What (not) to wear

2003

Despite reports of the death of “dress down” days, research published this week by IRS Employment Review suggests that the days of the suit and tie really are numbered.

Most employers now want their staff dressed in 'smart casual' or 'business casual' clothes in the office, while the traditional business suit now forms the basis of dress codes in fewer than half of the country’s offices.

But while the trend towards more casual clothing continues, employers are becoming increasingly strict about what is or is not acceptable. Over the past three years, employers have become more inclined to include regulations on staff appearance in handbooks, or even directly in contracts of employment.

And with three quarters of companies saying that they operate a dress and/or appearance policy for at least some of their employees and half setting dress guidelines, what you wear at work is less likely to be a personal statement than a reflection of the image that your employer wants to present.

Almost a third of companies have regulations or guidelines in a staff handbook forming part of the employment contract. Just over a quarter rely on written guidelines that do not form part of the contract of employment. Only 12 per cent take a formal approach with employers writing regulations directly into contracts of employment.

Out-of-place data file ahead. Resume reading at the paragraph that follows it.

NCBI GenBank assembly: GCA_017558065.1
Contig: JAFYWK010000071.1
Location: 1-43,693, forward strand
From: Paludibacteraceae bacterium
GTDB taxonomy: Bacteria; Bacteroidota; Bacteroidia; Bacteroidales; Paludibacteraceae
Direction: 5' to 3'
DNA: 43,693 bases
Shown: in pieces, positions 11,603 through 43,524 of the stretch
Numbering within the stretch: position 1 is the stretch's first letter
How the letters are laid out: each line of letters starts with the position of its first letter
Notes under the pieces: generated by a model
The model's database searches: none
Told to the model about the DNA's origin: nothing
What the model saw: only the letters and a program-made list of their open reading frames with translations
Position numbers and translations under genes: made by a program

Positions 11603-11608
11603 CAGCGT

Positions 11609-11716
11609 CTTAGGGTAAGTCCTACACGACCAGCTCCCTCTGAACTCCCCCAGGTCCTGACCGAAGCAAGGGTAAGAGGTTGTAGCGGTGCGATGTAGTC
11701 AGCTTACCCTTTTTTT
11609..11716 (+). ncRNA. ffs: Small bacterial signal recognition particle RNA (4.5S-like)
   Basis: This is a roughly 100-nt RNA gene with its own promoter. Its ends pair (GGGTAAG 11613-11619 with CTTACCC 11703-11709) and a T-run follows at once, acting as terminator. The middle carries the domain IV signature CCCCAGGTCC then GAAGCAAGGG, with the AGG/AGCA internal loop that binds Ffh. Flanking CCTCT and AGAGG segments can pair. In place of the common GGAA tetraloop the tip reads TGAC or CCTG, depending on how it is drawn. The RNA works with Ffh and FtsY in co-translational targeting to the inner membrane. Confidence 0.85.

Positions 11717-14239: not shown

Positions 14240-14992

Tourist attraction British Airways London Eye, for example, sets out its extensive dress policy in a glossy A5 booklet. This details not just what items of uniform staff should wear, but how they should wear them, and even how they should clean them. The company regards its dress and appearance code as an important part of its brand image, and even lays down rules on dental hygiene, personal grooming and make-up.

At the other end of the spectrum, UBC Media Group told IRS that its policy on hairstyles was “anything goes”, while jewellery had “never been an issue” and “nobody has had hygiene problems”.

With the exception of workers who wear a uniform at work, IRS found that formal business attire is now expected by fewer than half (44 per cent) of employers. More than half said that their dress codes were either “smart casual” or “relaxed” - relegating the formal business suit to minority status.

IRS Employment Review managing editor, Mark Crail said that the death of ‘dress down’ days in the workplace has been greatly exaggerated and that chinos and smart polo shirts are increasingly the norm at work.

"Our findings show that while flip-flops, football shorts and bare midriffs are still almost always unacceptable, only a minority now wear a business suit. But the meaning of ‘smart casual’ or ‘business casual’ can differ markedly from one workplace to the next, so there is considerable confusion about what employers expect.

"Attempts by some City banks to reimpose formal business dress have been widely reported, but they do not represented the trend in most workplaces. Indeed, employers need to be aware of dissent in the ranks; employees can rebel if they feel they are being treated unfairly, and the Human Rights Act 1998, which incorporates the European Convention on Human Rights into UK law, can have some bearing on the subject of dress and appearance codes.”

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